Wages


Chris1943
 

In 1959 i got 39/6 as an office junior. In Feb 1961 my first pay as a student nurse was £8 5s and 6d after stoppages!


Graham Phillips
 

I looked at a website showing current values of any amount from previous years, which suggested that £6 in 1955 would be the equivalent of £143 today, which isn't, as you say, extortionate.

However, in the early 1970's I spent time working in a textile mill, working with people who thought £20/ week (before taxes) was good. Textile mill wages were always at the lower end of the scale.

Regards,
Graham


On 17/05/2021, 17:19, "West-Riding-Yorkshire-gen@groups.io on behalf of Caroline Marrow via groups.io" <West-Riding-Yorkshire-gen@groups.io on behalf of caroline.marrow=ntlworld.com@groups.io> wrote:

_________________________________________

There is slight inflation here! Before decimal currency I was at work as an office junior in 1962 getting £4.00 a week , 12/- a day would have been £3.00, so under the circumstances not extortionate..
12/- is equivalent to 60p and £1.00 (20 shillings) was 100p.
An interesting topic this one,

Many thanks
Caroline


Chris Cottrell
 

A slight correction, £1 =240d


On Mon, 17 May 2021 at 17:19, Caroline Marrow via groups.io <caroline.marrow=ntlworld.com@groups.io> wrote:
_________________________________________

There is slight inflation here! Before decimal currency I was at work as an office junior in 1962 getting £4.00 a week , 12/- a day would have been £3.00, so under the circumstances not extortionate..
12/- is equivalent to 60p and £1.00 (20 shillings) was 100p.
An interesting topic this one,

Many thanks
Caroline
______________________________

1c. Re: Maternity hospital charges
   From: Graham Phillips <graham@...>
   Date: Sat, 15 May 2021 09:24:37 PDT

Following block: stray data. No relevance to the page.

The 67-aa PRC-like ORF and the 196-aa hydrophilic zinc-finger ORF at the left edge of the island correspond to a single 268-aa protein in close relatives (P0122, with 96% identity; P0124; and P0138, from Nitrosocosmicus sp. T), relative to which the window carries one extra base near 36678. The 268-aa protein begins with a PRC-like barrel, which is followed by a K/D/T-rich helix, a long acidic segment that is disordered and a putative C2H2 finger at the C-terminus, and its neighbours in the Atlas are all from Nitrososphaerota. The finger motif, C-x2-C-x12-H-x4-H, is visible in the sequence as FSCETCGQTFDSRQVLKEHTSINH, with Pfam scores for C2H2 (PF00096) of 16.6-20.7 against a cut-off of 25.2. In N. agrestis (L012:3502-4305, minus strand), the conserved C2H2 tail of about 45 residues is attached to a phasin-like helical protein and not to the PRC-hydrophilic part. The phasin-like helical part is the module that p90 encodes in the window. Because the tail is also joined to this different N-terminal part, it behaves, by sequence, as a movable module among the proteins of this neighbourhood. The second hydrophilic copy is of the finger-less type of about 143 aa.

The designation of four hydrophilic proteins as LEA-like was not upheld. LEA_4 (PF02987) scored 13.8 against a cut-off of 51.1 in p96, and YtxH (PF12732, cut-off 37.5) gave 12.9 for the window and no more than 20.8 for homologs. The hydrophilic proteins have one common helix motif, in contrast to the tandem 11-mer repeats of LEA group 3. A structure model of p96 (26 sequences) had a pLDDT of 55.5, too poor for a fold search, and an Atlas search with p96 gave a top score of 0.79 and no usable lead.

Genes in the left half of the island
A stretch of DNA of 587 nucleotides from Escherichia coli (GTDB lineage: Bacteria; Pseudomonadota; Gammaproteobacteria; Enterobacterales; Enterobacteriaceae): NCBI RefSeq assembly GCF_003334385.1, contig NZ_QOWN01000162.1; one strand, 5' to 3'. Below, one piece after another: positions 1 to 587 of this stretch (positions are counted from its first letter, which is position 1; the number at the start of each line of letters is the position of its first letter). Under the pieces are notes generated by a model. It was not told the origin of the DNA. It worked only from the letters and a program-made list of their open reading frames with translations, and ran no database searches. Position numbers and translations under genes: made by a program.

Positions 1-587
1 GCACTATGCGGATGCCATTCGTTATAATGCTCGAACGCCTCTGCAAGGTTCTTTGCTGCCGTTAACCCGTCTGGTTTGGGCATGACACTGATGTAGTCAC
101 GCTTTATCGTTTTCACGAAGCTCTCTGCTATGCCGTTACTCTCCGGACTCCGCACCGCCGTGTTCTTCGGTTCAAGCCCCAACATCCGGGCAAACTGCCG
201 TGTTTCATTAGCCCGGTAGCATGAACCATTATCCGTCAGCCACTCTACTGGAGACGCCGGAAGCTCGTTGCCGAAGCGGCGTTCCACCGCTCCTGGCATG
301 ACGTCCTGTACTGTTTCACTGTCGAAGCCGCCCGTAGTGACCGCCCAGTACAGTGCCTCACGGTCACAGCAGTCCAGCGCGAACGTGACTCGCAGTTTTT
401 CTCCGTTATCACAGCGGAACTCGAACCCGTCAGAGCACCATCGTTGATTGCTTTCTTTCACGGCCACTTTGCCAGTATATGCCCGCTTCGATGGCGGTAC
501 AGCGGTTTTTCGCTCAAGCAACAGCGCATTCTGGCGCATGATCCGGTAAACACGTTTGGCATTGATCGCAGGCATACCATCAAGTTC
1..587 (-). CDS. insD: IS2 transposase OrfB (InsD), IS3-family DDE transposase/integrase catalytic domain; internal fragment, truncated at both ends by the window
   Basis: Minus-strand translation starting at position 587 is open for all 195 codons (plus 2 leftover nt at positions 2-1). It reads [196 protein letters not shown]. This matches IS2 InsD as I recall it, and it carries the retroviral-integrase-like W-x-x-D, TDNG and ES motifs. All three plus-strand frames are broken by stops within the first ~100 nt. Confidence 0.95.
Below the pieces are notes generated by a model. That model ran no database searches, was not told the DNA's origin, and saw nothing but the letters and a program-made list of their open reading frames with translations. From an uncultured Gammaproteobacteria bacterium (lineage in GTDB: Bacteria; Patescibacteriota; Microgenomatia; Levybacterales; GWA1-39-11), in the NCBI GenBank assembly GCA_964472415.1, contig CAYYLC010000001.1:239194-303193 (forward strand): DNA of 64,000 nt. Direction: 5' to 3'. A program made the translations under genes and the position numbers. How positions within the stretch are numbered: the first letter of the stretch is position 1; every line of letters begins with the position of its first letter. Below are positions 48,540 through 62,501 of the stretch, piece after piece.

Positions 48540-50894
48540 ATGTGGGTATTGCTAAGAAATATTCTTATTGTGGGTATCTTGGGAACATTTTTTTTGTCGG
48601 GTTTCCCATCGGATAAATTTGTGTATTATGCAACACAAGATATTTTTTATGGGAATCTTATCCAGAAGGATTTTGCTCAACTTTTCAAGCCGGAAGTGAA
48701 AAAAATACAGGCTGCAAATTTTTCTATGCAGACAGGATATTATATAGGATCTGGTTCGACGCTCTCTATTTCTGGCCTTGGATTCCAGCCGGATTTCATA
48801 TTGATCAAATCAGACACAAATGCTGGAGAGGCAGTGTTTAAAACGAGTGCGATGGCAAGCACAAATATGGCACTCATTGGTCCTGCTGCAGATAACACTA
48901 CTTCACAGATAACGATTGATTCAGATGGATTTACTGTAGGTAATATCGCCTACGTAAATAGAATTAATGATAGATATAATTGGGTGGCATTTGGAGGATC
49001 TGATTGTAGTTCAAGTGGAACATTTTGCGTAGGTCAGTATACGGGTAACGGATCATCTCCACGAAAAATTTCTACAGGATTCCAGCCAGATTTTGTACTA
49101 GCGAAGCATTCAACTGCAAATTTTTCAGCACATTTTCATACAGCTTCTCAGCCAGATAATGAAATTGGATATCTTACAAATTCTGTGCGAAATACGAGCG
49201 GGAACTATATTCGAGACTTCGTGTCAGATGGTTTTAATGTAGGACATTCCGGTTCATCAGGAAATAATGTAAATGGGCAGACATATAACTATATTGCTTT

Hi Lesley,

Thanks for the information. We were somewhat bemused by it, as we'd presumed that it would have all been free. Obviously not.
At the time, my parents weren't particularly well off, so £6 would have been quite a lot for them at the time.

That wasn't something we thought of!

Thanks again,
Graham







Lesley Baxendale (FH)
 

That's right Graham, £20 a week was a pretty good basic wage for a mill worker unless you were highly skilled. When I started work as a Civil Servant, just after decimalisation in 1971, I got £19.99 per week as a Clerical Assistant, the lowest of the low.

Lesley

On 17/05/2021 18:41, Graham Phillips wrote:
I looked at a website showing current values of any amount from previous years, which suggested that £6 in 1955 would be the equivalent of £143 today, which isn't, as you say, extortionate.
However, in the early 1970's I spent time working in a textile mill, working with people who thought £20/ week (before taxes) was good. Textile mill wages were always at the lower end of the scale.
Regards,
Graham


Lin Duke
 

Discussion of  'Maternity hospital charges' has gone a bit off topic, so I'm starting a new topic 'Wages' for your reminisces.  *ADMIN*


Graham Phillips
 

The £20/ week was for the bloke who was the section head. That was before tax. I was lucky - I was a student, so didn’t have to pay tax or NI. 
I was working in what was the finishing mill, where cloth was cleaned and pressed, ready for sale & was fairly skilled - if it wasn’t good enough, it had to be redone. I worked on what was known as a blower, which had big, heavy rollers & the cloth wound round them & steam passed through it. Horrible work when you were working on heavy dyed material, such as police uniforms - the dye had a horrible smell & small fibres came off the material - it got everywhere - nose, eyes, hair. Ugh!!
As with most Yorkshire mills, now closed. 
In my first year at University in 1972, my student grant was £285 a year. Riches!!
 
 
Cheer, 
Graham
 
 


From: West-Riding-Yorkshire-gen@groups.io <West-Riding-Yorkshire-gen@groups.io> on behalf of Lesley Baxendale (FH) via groups.io <tree.dovercourt17@...>
Sent: Tuesday, May 18, 2021 8:26:33 AM
To: West-Riding-Yorkshire-gen@groups.io <West-Riding-Yorkshire-gen@groups.io>
Subject: Re: [Westriding-gen] Maternity Hospital Charges
 
That's right Graham, £20 a week was a pretty good basic wage for a mill
worker unless you were highly skilled.  When I started work as a Civil
Servant, just after decimalisation in 1971, I got £19.99 per week as a
Clerical Assistant, the lowest of the low.

Lesley

On 17/05/2021 18:41, Graham Phillips wrote:
> I looked at a website showing current values of any amount from previous years, which suggested that £6 in 1955 would be the equivalent of £143 today, which isn't, as you say, extortionate.
>
> However, in the early 1970's I spent time working in a textile mill, working with people who thought £20/ week (before taxes) was good. Textile mill wages were always at the lower end of the scale.
>
> Regards,
> Graham
>
>